In vitro hemolysis occurring before or after a blood transfusion may mimic an in vivo hemolytic transfusion reaction.



Before or During Infusion

Blood Sample Handling

freezing blood

environmental or unregulated refrigerator

environmental, specimen handling, or unregulated refrigerator

overheating blood

blood warmer or makeshift warmer; placing blood on a room heater

specimen handling

mixing with hypotonic or hypertonic solution

infusion of blood with an IV solution; addition of a drug

drawing from a peripheral line running an infusion

small needle with high pressure

use of pressure bag forcing flow through small needle

difficult draw with large syringe


Some causes of in vitro hemolysis:

(1) storing blood in an unregulated refrigerator, with undetected freezing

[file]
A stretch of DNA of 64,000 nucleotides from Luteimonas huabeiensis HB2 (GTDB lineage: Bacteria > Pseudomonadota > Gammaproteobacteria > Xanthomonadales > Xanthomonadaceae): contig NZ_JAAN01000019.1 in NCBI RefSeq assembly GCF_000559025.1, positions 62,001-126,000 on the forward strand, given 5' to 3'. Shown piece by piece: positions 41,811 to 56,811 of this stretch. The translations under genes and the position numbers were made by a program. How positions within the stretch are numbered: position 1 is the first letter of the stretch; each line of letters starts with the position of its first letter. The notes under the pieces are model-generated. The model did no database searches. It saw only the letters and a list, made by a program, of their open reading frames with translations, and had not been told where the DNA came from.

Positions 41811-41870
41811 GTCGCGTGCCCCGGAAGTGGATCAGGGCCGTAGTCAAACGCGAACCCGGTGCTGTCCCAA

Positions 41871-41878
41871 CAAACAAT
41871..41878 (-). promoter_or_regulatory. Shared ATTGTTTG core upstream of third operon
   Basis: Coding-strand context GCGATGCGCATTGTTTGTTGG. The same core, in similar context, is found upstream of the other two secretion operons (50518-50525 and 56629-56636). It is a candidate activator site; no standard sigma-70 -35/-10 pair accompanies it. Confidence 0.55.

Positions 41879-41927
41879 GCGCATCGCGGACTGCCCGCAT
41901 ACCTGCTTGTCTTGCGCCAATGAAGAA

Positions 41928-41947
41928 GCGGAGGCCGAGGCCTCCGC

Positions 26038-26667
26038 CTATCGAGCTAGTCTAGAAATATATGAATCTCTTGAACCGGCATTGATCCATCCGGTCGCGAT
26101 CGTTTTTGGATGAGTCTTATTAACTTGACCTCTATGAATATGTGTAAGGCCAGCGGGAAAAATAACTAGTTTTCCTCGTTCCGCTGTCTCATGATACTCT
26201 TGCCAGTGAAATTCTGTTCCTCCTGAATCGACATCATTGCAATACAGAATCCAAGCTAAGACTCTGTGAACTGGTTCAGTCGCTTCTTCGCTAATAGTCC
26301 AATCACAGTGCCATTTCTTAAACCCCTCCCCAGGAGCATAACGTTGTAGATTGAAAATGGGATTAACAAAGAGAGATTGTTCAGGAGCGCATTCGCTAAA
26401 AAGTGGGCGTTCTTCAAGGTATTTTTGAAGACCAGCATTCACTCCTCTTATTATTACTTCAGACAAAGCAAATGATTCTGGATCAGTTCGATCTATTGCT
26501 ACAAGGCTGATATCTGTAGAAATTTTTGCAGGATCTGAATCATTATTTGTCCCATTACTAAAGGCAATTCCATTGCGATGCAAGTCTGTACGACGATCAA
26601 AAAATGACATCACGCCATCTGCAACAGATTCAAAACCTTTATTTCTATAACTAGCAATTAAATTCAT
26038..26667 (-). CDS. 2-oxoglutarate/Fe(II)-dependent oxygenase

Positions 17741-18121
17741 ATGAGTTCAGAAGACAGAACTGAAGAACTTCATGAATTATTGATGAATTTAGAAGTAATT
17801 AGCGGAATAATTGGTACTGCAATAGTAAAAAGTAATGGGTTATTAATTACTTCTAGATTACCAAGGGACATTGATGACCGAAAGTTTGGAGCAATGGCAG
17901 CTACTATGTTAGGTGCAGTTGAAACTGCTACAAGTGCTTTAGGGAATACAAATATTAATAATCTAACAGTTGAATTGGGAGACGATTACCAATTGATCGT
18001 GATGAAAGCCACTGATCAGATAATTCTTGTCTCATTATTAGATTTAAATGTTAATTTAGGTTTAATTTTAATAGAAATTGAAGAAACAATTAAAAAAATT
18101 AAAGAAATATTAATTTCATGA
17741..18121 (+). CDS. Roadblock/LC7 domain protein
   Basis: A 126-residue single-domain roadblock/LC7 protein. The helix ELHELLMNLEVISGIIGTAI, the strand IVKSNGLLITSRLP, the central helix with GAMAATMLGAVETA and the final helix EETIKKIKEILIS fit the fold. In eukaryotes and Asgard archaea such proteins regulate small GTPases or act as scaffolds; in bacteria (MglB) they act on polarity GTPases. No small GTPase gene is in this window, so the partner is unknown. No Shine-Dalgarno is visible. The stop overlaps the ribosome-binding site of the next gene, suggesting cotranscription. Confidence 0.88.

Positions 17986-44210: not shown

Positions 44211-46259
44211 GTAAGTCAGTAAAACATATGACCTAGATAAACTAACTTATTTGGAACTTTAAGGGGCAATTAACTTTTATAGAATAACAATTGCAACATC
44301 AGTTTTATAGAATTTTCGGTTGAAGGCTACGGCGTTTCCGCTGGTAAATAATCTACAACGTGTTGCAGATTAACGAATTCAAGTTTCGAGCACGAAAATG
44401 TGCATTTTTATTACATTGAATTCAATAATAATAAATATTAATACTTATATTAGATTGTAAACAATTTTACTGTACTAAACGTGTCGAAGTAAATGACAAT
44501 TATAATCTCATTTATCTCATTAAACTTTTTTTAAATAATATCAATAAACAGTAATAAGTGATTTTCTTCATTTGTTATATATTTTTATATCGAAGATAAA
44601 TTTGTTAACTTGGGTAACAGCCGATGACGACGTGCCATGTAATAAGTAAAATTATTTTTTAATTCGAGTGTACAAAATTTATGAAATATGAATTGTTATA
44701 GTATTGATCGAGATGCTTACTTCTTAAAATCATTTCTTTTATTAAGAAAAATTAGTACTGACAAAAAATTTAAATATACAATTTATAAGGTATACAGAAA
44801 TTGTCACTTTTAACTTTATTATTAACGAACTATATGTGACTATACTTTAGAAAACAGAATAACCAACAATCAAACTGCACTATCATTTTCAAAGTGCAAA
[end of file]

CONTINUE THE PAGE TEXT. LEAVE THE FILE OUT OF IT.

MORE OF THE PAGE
(2) using a microwave oven or other unregulated device to warm blood

(3) malfunction of a blood warmer

(4) traveling in an ambulance or helicopter during the winter


Both occurrences require a high index of suspicion, usually after the transfusion reaction workup turns up negative:

(1) A careful redraw of a new sample will usually detect a problem in specimen handling.

(2) Preinfusion hemolysis often requires exclusion of the different causes plus circumstantial evidence.

(2a) If the blood bag or infusion setup is still available then it should be examined.

(2b) If a blood warmer was used it should be tested.

(2c) All personnel involved in handling and transfusing the implicated blood product(s) should be debriefed.


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